Senate approves new Arctic committee, membership to come
“Sustainable development in the Arctic requires the involvement of Indigenous peoples”
The Senate of Canada has voted in favour of setting up a special committee on the Arctic, but we’ll have to wait until December to see who’s on it, who’s chairing it and what they hope to accomplish.
Sen. Charlie Watt, who represents the Nunavik region, put forward a motion to form the special committee on May 4 with a rousing speech to his colleagues about why such a committee is needed.
He talked about oil and gas exploration, infrastructure, environmental conservation and Arctic sovereignty.
He mentioned that with the impacts of climate change and disappearing sea ice, the Arctic is evolving quickly and Inuit who live there are concerned about unchecked shipping, commercial fisheries, resource exploration and the land they rely on for food.
“Inuit should be part of the decision-making process. We are very concerned that the benefits of development may not be felt by Inuit. Our homeland is rich in resources and is making some people very wealthy, yet our communities lack resources and have a limited economy in Canada,” Watt told his colleagues May 4.
“This is deeply frustrating to me. Sustainable development in the Arctic requires the involvement of Indigenous peoples in economic opportunities and in the governance of those activities to ensure that Canada should never forget that it bases its sovereignty in the Arctic on its relationship with Inuit.”
Watt mentioned another frustration in his speech—how Canada is negotiating a new UN Convention on the Law of the Sea and the Limits of the Continental Shelf project without Inuit participation.
“It will set out the terms for creating marine protected areas and the rules for environmental assessment of projects with the potential to harm biodiversity, as well as for the sharing of marine genetic resources,” Watt said.
“The impact to Inuit will be significant because of the potential to affect fish stocks and migratory marine life.
On Sept. 27, senators agreed that a special nine-member committee ought to be struck to look at issues specific to Canada’s Arctic.
The Senate is currently in the process of reconstituting all its standing committees so membership on this new Arctic committee has not yet been finalized. But that should happen within the next few weeks, said Watt’s chief of staff, Lisa Smith.
Once members are chosen, and they choose a chair, their first order of business will likely be to draft the terms of reference and a set of priorities, she said.
Nunavut Sen. Dennis Patterson has been working with Watt to create the new Arctic committee. He spoke about its progress during Inuit Day celebrations in Ottawa Nov. 7.
“Sen. Charlie Watt and I are very pleased to gain the endorsement of the Senate recently for the creation of a new special committee on the Arctic,” he told those gathered at the event.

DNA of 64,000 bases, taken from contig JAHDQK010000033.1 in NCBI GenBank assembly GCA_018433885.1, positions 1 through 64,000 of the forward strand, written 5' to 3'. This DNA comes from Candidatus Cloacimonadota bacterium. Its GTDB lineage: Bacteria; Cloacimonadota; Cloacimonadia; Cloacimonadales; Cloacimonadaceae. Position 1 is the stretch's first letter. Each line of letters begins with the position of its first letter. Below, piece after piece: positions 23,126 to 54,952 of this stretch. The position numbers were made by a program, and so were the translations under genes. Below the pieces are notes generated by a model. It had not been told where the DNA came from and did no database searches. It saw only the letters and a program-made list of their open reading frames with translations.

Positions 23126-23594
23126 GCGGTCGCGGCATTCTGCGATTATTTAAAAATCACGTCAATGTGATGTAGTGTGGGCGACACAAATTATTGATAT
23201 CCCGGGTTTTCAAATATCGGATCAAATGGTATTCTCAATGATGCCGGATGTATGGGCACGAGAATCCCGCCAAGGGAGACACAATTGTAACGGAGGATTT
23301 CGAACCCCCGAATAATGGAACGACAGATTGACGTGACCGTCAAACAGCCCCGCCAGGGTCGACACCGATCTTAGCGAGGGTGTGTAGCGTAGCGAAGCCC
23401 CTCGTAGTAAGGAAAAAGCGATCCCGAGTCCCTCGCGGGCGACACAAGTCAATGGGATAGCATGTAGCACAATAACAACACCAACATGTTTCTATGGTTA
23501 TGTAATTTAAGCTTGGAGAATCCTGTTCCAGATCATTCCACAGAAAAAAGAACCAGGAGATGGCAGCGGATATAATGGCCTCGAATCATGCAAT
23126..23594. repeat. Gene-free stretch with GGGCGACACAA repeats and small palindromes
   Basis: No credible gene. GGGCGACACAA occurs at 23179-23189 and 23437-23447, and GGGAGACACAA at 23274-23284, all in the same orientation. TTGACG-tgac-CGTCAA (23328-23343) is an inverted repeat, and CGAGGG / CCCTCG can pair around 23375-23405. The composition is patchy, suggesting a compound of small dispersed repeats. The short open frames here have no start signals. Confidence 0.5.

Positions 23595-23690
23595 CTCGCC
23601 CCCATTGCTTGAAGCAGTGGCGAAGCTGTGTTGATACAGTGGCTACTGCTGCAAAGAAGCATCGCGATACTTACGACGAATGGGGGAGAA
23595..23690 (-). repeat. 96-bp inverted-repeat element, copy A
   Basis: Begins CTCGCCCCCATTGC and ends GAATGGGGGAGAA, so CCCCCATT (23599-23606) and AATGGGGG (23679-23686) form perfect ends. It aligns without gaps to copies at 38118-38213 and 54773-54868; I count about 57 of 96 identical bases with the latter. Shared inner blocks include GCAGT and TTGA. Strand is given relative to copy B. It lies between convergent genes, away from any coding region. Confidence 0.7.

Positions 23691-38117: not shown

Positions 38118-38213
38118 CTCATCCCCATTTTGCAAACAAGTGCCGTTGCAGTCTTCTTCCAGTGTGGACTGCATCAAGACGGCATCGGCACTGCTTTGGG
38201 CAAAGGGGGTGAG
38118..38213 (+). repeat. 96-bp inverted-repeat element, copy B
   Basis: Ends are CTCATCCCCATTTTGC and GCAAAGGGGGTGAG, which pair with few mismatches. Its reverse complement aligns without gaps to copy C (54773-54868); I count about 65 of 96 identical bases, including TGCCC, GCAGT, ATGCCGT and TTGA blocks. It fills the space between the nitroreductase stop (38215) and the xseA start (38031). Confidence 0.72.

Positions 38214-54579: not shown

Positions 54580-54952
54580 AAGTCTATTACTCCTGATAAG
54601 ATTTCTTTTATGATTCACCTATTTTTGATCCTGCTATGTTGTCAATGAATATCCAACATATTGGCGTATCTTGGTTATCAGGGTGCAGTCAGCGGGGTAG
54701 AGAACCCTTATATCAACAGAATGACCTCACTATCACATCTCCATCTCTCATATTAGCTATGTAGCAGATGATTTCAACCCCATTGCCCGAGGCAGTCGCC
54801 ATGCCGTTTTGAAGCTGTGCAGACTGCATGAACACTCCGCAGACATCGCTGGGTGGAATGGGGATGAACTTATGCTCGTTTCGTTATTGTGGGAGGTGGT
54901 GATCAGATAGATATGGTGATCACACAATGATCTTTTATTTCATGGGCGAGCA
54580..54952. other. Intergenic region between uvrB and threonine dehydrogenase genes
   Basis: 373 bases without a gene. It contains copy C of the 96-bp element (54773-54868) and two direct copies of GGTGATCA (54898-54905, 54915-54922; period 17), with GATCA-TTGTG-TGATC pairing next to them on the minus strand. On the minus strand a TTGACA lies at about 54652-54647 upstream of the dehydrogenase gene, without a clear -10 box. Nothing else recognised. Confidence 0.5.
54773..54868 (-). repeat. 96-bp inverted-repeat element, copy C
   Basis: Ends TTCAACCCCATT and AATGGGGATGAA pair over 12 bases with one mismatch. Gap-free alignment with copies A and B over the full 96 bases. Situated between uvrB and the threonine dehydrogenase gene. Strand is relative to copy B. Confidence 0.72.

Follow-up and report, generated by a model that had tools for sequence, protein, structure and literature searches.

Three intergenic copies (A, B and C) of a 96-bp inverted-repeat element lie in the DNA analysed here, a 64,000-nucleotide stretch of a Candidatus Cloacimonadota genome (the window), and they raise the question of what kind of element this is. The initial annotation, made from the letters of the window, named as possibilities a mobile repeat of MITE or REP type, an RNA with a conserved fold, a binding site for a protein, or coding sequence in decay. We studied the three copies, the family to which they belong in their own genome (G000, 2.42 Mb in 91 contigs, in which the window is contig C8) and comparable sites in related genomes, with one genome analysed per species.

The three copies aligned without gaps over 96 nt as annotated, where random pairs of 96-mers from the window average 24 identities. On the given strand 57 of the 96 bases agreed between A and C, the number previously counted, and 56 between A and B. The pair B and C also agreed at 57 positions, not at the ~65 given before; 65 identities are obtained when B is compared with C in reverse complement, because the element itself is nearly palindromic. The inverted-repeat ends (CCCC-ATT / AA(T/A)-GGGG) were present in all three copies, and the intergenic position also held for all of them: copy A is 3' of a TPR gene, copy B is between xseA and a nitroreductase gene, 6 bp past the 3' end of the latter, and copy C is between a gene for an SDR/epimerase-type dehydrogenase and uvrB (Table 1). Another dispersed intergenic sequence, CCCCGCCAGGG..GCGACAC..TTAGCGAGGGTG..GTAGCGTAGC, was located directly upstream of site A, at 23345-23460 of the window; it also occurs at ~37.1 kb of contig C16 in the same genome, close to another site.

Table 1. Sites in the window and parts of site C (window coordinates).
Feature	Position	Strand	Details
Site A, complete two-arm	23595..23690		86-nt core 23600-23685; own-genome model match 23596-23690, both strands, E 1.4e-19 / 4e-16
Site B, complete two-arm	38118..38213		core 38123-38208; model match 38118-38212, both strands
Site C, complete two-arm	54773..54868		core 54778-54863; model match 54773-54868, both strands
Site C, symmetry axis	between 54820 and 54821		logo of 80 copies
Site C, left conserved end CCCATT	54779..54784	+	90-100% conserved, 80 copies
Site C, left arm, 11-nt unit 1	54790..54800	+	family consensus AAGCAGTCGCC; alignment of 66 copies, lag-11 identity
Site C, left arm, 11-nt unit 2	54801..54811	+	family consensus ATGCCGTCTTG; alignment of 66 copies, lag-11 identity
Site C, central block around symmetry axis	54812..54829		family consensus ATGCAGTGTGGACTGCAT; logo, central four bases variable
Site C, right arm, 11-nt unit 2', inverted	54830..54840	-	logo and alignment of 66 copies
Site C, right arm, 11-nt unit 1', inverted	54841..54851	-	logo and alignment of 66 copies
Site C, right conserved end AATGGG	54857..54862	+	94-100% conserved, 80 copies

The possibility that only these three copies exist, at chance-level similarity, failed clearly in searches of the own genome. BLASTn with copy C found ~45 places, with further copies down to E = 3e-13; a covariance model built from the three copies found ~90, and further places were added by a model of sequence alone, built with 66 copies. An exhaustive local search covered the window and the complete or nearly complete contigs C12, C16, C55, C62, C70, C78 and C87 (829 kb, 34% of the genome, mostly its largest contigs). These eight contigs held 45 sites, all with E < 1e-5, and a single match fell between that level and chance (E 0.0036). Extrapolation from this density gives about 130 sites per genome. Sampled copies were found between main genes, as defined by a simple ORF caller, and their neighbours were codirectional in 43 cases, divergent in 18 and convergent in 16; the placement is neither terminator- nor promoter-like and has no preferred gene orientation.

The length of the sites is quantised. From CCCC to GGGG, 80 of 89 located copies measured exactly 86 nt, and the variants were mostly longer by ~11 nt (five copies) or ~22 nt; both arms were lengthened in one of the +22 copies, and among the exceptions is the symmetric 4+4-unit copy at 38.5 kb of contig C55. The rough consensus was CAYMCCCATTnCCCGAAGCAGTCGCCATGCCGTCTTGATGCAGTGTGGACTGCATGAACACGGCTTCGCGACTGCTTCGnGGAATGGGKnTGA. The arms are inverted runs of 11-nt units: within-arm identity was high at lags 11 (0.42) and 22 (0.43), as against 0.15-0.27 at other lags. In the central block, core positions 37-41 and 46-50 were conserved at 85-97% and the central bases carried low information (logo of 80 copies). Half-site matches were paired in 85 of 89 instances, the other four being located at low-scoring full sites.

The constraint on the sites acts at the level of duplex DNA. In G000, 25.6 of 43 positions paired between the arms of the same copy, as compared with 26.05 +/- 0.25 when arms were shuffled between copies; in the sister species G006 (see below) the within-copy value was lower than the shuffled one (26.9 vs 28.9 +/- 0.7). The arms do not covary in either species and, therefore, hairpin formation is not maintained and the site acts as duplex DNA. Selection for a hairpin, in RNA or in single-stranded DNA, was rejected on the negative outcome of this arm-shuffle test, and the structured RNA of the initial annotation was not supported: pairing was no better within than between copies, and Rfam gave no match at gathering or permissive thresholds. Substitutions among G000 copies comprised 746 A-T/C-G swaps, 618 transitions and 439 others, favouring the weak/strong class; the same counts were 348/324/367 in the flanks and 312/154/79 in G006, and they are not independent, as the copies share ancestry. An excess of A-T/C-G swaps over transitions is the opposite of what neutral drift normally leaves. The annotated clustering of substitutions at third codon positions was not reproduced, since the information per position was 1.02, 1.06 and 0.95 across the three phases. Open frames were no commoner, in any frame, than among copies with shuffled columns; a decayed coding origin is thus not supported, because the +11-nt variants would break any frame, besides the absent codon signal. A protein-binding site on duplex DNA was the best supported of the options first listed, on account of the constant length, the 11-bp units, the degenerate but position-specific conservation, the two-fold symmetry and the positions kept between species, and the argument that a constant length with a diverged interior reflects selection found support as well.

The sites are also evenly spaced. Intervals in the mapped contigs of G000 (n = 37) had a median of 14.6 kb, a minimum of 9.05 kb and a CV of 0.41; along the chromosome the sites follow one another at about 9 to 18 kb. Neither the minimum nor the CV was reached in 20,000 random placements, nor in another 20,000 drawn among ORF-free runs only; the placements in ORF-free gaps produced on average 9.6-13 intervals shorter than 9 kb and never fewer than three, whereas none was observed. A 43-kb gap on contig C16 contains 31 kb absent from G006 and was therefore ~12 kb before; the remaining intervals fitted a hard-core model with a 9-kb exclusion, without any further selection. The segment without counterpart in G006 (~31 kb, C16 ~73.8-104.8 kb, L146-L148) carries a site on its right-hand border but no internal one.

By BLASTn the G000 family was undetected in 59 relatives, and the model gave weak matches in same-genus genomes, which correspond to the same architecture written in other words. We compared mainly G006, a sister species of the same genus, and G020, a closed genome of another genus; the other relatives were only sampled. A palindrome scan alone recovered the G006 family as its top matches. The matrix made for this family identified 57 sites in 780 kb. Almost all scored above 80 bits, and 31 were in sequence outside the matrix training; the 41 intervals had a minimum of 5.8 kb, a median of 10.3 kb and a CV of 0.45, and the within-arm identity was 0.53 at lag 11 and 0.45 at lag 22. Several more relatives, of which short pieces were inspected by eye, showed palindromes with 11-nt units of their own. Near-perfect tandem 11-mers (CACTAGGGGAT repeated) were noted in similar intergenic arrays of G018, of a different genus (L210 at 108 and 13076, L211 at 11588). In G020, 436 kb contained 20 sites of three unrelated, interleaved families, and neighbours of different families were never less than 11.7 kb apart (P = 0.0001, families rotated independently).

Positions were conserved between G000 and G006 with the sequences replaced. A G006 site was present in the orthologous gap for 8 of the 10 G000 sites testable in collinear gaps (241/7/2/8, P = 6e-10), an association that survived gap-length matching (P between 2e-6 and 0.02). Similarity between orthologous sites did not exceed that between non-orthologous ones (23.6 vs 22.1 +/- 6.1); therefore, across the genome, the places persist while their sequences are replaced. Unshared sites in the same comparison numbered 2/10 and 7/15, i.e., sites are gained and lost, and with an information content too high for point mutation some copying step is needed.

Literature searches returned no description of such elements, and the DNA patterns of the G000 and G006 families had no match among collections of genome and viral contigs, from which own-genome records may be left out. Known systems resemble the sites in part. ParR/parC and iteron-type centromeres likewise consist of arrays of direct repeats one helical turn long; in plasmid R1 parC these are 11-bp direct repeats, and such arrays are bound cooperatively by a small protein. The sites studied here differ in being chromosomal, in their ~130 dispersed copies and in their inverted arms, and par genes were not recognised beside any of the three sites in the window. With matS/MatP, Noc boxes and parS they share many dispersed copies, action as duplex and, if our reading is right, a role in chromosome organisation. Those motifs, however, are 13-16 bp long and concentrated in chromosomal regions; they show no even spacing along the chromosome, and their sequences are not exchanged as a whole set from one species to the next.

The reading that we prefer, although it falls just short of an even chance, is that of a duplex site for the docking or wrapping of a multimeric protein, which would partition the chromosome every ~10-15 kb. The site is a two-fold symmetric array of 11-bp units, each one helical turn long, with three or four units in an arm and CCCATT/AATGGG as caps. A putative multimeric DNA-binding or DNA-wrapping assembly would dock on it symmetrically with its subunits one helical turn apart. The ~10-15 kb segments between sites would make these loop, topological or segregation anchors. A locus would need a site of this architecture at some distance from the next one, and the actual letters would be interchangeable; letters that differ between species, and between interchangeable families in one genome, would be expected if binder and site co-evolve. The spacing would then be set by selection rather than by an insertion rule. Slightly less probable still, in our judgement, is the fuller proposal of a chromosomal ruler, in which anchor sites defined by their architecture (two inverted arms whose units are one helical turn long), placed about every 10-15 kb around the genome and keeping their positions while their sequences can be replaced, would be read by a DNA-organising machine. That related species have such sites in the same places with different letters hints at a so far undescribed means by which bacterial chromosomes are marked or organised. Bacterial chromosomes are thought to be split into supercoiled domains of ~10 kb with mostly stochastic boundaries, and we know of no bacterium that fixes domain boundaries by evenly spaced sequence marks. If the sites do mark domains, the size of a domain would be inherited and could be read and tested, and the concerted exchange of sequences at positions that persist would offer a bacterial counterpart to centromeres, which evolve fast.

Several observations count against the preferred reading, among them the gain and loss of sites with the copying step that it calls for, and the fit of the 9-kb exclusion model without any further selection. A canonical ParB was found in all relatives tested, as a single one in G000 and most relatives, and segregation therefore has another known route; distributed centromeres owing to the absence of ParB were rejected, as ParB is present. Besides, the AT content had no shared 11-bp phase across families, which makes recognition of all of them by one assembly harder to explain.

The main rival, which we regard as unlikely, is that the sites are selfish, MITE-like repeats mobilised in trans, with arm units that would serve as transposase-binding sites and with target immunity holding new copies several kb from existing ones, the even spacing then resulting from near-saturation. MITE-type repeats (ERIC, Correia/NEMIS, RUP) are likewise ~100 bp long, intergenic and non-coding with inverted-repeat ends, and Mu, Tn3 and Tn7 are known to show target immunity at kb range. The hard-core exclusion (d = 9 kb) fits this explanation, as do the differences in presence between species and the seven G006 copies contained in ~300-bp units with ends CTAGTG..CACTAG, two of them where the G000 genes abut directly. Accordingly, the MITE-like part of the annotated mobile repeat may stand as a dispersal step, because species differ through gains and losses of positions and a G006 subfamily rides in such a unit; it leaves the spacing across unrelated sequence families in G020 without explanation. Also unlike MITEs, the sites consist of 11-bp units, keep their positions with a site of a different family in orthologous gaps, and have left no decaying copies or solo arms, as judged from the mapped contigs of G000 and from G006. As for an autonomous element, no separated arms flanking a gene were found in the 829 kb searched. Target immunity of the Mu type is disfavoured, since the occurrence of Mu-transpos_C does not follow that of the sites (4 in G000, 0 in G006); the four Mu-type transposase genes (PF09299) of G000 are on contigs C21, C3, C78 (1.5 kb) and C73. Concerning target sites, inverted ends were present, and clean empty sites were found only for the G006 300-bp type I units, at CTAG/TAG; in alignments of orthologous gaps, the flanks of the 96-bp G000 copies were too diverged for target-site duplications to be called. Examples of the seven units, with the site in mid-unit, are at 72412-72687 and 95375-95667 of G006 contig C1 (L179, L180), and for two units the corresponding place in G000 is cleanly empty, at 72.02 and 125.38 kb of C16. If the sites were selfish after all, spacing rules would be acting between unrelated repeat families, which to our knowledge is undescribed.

“I’m really looking forward to working with Senator Watt on that committee to highlight the special problems in the Arctic.”
His colleagues appear to be on board as well.
Sen. Patricia Bovey rose in the Senate on June 21, Aboriginal Day, to outline the many unique issues and challenges that Arctic residents currently face.
“A special committee to take all of the issues at hand and examine them through the lens of those who actually inhabit the land would be beneficial to our work here in this chamber,” said Bovey said.
“As a house that is tasked with representing the regions of this country, we should keep in mind that the Canadian Arctic composes 40 per cent of Canada’s total land mass, a vast land that is deserving of special attention.”
The Senate has standing committees and special committees.
Standing committees remain even after elections of new governments and stay until Senators decide otherwise. Special committees last until the House is prorogued or until an election is called, though they can be reconstituted later.
Sometimes special committees turn into standing committees, as was the case about 30 years when Watt put forward a motion to form a special committee on Aboriginal issues. That eventually became what is today the Standing Committee on Aboriginal Peoples.
Committees are often described as the place where real work gets done. Senators can examine a parliamentary bill, for example, and suggest amendments before sending it back to MPs for third reading.
Committees can also undertake special studies, as the Standing Committee on Aboriginal Peoples did recently with regard to the housing crisis in Canada’s North.
Such reports can influence Canadian policy, budgets and legislation since ministers are obliged to respond to their findings and recommendations.